I also figured, with ill-founded confidence, that putting half of that money into cryptocurrency will double or triple the amount in a short time. It, however, continued its brutal bearish descent and didn’t take long for the £2000 to drop in value to £700. Thankfully, it has risen back to nearly where we were last year but it meant that I could not access the funds as I hoped. I certainly won’t make the same mistake again.
Around the same time, my van had a series of unexpected breakdowns requiring extensive repairs including the clutch replacement. This came to about £1700. Sally coming over in January and shouldering half of the repair cost helped significantly. But again, for next year I will try and have £2000 for emergency repairs instead of the £1000 I initially budgeted for. To look on the bright side, I know the new parts that I replaced will be solid for the next few years at least.
Had I had access to the £2000 as accessible cash, the total expenditure calculated recently showed that £4000 would have been enough to last 10 months, even with the £1700 repair. I am really bummed that I’m having to go back to the rainy cold Britain precisely when the summer in France is beginning. I think my move next year will begin with £5000 or more saved, at the start of Spring, or perhaps begin my journey in January, February in Portugal where winter temperatures stay above 10 degrees.
What I’ve Found
If you’d like to know what I’ve found out about living more sustainably, read some of the posts on this blog – particularly the update posts.
To share my findings on the land, Ariége receives both the hot Mediterranean weather and the seasonal rain from the Atlantic, with plentiful source water closer you get to the mountains. The winter can get cold but the strong frequent sunshine makes it the perfect place for passive solar architecture. The temperate climatic conditions allows apples and other fruit trees to flourish and the forests are rich with biodiversity, including mushrooms.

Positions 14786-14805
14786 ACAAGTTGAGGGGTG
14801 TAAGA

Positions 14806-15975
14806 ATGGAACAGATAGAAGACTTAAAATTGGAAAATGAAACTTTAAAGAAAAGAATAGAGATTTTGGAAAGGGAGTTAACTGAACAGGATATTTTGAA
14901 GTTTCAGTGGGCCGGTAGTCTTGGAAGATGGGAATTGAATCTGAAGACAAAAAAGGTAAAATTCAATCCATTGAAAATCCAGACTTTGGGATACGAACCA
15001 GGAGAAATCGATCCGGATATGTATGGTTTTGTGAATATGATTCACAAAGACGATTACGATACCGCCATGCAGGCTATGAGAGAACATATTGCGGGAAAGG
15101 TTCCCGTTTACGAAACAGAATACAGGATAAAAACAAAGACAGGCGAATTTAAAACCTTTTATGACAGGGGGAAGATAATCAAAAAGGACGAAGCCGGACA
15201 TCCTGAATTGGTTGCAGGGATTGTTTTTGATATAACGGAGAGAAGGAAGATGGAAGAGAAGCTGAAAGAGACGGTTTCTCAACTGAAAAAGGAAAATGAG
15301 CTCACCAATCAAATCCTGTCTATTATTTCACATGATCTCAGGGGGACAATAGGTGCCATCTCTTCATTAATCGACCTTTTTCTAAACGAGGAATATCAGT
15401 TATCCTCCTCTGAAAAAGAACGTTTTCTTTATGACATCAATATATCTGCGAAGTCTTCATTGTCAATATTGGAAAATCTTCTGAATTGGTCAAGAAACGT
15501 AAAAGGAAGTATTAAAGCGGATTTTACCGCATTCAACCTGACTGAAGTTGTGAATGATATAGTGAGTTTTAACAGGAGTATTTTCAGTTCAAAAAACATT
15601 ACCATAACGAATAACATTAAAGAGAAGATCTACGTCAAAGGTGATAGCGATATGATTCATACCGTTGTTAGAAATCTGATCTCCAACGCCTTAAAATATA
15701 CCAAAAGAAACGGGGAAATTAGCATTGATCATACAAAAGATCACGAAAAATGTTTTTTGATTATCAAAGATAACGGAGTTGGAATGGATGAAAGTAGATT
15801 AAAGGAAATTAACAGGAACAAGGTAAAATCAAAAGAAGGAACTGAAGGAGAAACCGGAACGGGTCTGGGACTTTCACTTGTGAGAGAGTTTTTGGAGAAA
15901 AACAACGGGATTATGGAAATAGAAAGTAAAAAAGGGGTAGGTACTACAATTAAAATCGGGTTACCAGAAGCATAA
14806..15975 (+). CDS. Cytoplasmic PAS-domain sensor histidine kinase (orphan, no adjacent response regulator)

The area near Montbrun Bocage is full of conscious people living the alternative lifestyle with a thriving market and a Steiner school close by, and Toulouse is only an hour away. I think this is a good mixture to look out for if you want to move to a new place.
- A community of open minded people already established
- A thriving organic market that can provide most of your daily needs
- A decent school system
- Fairly good access to a biggish city
Though these ideals are firmly in my logical mind, the illogical part of my brain wants to go closer to the mountains. Deeper into the wild territory.
The Spanish side of the Pyrenees was also equally beautiful but felt very arid with fewer trees, less topsoil and less biodiversity. We’ve only ventured briefly into Spain so I’m not making any conclusions yet, but I’ve met many people who’ve tried Spain but moved back to the French side for water security. Having looked deep into the climate change predictions for this region, water security is a serious factor to consider.
Our current plan is to drive back to the UK in time for Glastonbury festival where we’re volunteering as stewards. Unfortunately, Sally will be parting ways and will be returning to Scotland after that and I will be hanging around Bristol/Cardiff area to find work. Next year, my aim is to explore some parts of Portugal but mainly spend my time in Catalunya as much as possible.
Due to changes in circumstances and a lot more real work ahead, ‘tree a week’ will turn to ‘tree a month’ to ease the pressure and my post will become less frequent for a while. Sorry!